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Reliability of using observations when assessing different posture variables
University of Gävle, Faculty of Health and Occupational Studies, Department of Occupational and Public Health Sciences. University of Gävle, Centre for Musculoskeletal Research.
University of Gävle, Faculty of Health and Occupational Studies, Department of Occupational and Public Health Sciences. University of Gävle, Centre for Musculoskeletal Research.ORCID iD: 0000-0003-1443-6211
University of Gävle, Faculty of Health and Occupational Studies, Department of Occupational and Public Health Sciences. University of Gävle, Centre for Musculoskeletal Research.ORCID iD: 0000-0002-5055-0698
2016 (English)Conference paper, Abstract (Refereed)
Abstract [en]

Background. Working in extreme postures has been identified as a risk factor for musculoskeletal symptoms. Directly measuring work postures is considered to be the most accurate approach for assessing these exposures, but it is often not feasible to directly measure posture due to time or budget constraints. Alternatively, direct measurements of postures can be predicted based on observations of workers’ postures. Since observers are known to differ in posture ratings, it may, however, be necessary to develop calibration procedures for each specific observer.

Methods. Arm and back postures of a random sample of 28 paper mill workers were measured via inclinometry and also were assessed by three observers from videos. Linear models with participant number and observer as random effects were resolved to assess whether or not observed postures were associated with the corresponding inclinometer values and if the effect of observer on slope and intercept was significant (p<0.05). The variance explained by these models was compared to the variance explained by corresponding linear models yet with observer entered as a fixed effect (i.e. allowing different slopes and intercepts for different observers).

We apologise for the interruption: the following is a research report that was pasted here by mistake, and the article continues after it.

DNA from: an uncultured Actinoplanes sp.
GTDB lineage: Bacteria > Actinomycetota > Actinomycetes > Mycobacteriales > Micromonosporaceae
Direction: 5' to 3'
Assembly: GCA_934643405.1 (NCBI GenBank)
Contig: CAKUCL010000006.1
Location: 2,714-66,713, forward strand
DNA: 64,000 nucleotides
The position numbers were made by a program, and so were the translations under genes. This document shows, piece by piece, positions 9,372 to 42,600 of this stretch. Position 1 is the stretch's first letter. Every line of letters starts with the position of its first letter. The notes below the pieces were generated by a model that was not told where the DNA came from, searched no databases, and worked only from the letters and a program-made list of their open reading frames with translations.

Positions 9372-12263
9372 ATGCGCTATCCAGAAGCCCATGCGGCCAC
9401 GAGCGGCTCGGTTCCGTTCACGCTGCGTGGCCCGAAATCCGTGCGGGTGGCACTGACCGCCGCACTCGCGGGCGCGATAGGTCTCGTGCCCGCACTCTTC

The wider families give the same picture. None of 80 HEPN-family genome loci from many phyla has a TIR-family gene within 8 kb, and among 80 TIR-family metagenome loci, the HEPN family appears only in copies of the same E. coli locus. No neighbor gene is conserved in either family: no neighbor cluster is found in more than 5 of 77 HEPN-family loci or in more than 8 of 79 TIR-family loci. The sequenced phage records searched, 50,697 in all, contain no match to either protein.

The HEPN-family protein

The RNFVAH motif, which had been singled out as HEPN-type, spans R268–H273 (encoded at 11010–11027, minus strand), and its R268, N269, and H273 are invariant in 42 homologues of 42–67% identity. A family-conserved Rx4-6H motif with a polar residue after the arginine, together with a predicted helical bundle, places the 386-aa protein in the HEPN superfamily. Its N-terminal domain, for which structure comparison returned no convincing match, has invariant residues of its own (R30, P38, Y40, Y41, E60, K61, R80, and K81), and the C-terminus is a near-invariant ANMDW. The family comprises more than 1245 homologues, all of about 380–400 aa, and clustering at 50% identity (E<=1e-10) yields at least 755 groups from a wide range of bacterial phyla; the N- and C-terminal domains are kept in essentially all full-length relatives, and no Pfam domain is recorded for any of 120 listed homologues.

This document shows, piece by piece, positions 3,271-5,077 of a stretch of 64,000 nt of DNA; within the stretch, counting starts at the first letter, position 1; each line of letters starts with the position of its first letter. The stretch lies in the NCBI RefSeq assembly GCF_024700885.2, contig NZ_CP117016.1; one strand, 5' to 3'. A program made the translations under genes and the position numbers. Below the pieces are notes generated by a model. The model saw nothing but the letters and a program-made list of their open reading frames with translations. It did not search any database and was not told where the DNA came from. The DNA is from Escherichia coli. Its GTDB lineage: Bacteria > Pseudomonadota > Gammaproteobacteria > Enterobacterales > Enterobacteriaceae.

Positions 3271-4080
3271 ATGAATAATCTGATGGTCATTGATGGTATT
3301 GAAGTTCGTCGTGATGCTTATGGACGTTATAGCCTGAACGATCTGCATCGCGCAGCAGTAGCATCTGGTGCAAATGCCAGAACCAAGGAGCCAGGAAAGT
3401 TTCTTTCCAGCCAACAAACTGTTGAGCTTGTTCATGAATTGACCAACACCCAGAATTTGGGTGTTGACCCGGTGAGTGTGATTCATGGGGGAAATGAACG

Results. For all postures, the variance explained was similar when using observer as a fixed compared to a random effect (R-squared ranging from 0.41 to 0.56 for observer as fixed or random effect). Throughout, participant was the major source of variance.

Discussion. Our findings of similar amounts of variance explained when using observer as a fixed compared to a random effect for all postures indicates that calibration models developed for each individual observer may not necessarily perform better than a general calibration applying to any observer. Since posture observations explained only a small proportion of directly measured posture variance, observation may not be very useful in this setting

Place, publisher, year, edition, pages
2016.
National Category
Environmental Health and Occupational Health
Identifiers
URN: urn:nbn:se:hig:diva-21915OAI: oai:DiVA.org:hig-21915DiVA: diva2:942463
Conference
Ninth International Conference on the Prevention of Work-Related Musculoskeletal Disorders (PREMUS), Toronto, June 20-23, 2016
Available from: 2016-06-23 Created: 2016-06-23 Last updated: 2016-07-04Bibliographically approved

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Garza, JenniferMathiassen, Svend ErikHeiden, Marina
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CiteExportLink to record
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Citation style
  • apa
  • harvard1
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